iterative development

We’ve all had it drilled down our throats that development should be completed in short-sharp iterations. “Release early and release often” – no agile developer gets up in the morning without repeating this mantra to themselves before they reach the sink. However, surely it’s important to realise the difference between “Release early and release often” and “Release utter shit early and release utter shit often”.

Who really wants to use an application/toolkit/library that has so many bugs in it that the user experience is dreadful? Surely users would rather wait a few more weeks for something that is, in a sense, polished? I mean we’re not talking Microsoft Vista style release cycles here, but quality control consisting of a little more than running a set of unit tests would be nice.

So what has prompted this minor rant? Well Firebug unfortunately. I hate to criticise it because it’s free but the bugs I find in it are getting worse and worse. The most recent one being that the continue button no longer works in the latest release (1.4.0b10). Sigh. However, open source or not, my feeling is that if you choose to do something then do it properly or not at all.

Anyway. Regardless of the product, it surely makes more sense to sacrifice your release schedule a little for some real testing and bug fixing? For commercial products a bad user experience is going to make a sale difficult both now and in the future. Being first to market is one thing, but it’s far from being the only (or even main) contributing factor to a products success – Google and Facebook being good examples of this.

So is it possible just to have a little common sense about all this and maybe restate the mantra as “Release quality early, release quality often”. It can’t be that hard, right?

is open-source software worth it

I’ve been having some real problems with FireBug recently – essentially it has made itself utterly useless. Why? Well when I set a breakpoint within FireBug and that breakpoint is reached, the code window does not scroll to the breakpoint. I then have to drag the scroll bar down to the breakpoint, then when I press F10 to perform a step over, the code window resets itself to the top. As you can imagine this get rather annoying after a while, especially with large JavaScript files.

As a result of these misgivings I have found myself using the IE8 developer tools – which are actually quite good, though FireBug, when working, is better.

Luckily the project that I’m working on is not exactly critical, though the quicker I get finished it the better. However, if I was working on something that was going to generate me $$$$$$, I’d hope to god that I wouldn’t have to waste so much time with the debugger. With this in mind, and with the mindset of “You are a dumb ass if you fail to utilise open-source software” prevalent in our industry, it raises the question as to the limits of open-source software.

If the software that you are developing is largely based on open-source/free software, and this software sells for hundreds of thousands do you really want to be using libraries that have no real service-level agreement? For example, let’s assume that your software sells for $200,000. Then it’s safe to say that your customers will be expecting some pretty good service for that kind of money. Suppose a bug is found in some third-party open-source library that is used in your product. So you have two options: 1) you ask the community to fix the bug or 2) you fix the bug yourself. Are any of these really a satisfactory solution? I don’t think so.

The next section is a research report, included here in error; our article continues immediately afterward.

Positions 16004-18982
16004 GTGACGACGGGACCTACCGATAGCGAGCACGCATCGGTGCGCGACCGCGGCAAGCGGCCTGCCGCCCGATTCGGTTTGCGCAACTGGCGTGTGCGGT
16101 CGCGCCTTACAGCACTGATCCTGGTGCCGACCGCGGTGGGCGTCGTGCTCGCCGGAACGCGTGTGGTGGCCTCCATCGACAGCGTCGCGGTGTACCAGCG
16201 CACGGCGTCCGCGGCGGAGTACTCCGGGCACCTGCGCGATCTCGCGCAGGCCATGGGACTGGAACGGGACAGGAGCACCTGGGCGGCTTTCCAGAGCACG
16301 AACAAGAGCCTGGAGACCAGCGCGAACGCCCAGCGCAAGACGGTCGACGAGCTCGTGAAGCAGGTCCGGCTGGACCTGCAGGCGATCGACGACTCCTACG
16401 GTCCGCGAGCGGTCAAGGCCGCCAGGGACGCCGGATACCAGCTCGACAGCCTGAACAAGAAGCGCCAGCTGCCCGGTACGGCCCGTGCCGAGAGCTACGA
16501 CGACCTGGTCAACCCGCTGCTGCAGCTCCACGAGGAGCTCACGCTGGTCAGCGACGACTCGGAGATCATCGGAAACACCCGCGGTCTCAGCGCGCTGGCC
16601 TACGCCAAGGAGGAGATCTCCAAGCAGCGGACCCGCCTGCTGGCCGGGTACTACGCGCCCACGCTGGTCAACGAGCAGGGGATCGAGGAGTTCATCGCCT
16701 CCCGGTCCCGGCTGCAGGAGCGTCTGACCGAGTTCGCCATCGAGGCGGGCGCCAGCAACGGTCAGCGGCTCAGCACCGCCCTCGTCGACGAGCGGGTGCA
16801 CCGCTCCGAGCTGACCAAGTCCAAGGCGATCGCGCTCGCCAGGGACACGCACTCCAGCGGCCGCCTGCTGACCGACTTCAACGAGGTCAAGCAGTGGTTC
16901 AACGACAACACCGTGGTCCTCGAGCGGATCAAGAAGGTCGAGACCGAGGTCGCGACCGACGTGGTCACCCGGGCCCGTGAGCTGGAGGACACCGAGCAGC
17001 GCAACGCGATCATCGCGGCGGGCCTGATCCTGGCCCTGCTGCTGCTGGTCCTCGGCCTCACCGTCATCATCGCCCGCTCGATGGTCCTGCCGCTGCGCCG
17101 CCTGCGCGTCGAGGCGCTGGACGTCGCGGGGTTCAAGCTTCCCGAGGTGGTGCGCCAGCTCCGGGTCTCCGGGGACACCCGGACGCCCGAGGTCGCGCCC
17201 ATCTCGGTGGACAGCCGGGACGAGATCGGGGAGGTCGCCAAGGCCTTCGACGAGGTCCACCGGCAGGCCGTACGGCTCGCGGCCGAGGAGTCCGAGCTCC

Consider option 1. Suppose that the project stagnates or your bug is just not an issue for the community, then it may take some time to get this bug fixed (or they may not fix it at all). But you need this bug fixed yesterday! People tell you “Oh there is always someone in the community willing to help”. Nonsense. There are no guarantees and this is exactly what a professional organisation needs. A bank, telecom company, utilities company and so on are not going to give a shit that you can’t get it fixed soon, they will just move their business elsewhere. This is the reality of the situation, and if you are moving a core part of your business out to open-source software and charging a small fortune for your software, I’m pretty sure this is going to come back and bite you. Open-source software proponents can scream until they are blue in the face that this will not happen, but it might, and that’s all that matters.

So if option 1 cannot save you then your left with option 2. Well first, it’s easy to say that you just get the source and edit it yourself, but the fact of the matter is that it takes quite some time to be comfortable with a large code base. In particular, to be comfortable with the fact that making changes in one place doesn’t cause problems elsewhere. OK, unit tests help, but there are no guarantees. Maybe you could be involved in the maintanence of the open-source software on a regular basis to ensure that your team has built up a familiarity with the code. Maybe even developing new features etc. That sounds like a great idea. Until your competitor comes along and uses all these lovely features that you have so kindly developed for them! Then how much of a fool do you look.

The fact of the matter is that if you write the code, then you have more control over it, and this eliminates any dependencies you may have on outside parties. The more you charge for your software, the tighter your service level agreements are, and the more third-party libraries define the uniqueness of your product, the more important this becomes.

This is not to say that we should all go out and write our own compilers, IDEs, and various other things. It’s just a matter about being sensible about what you use.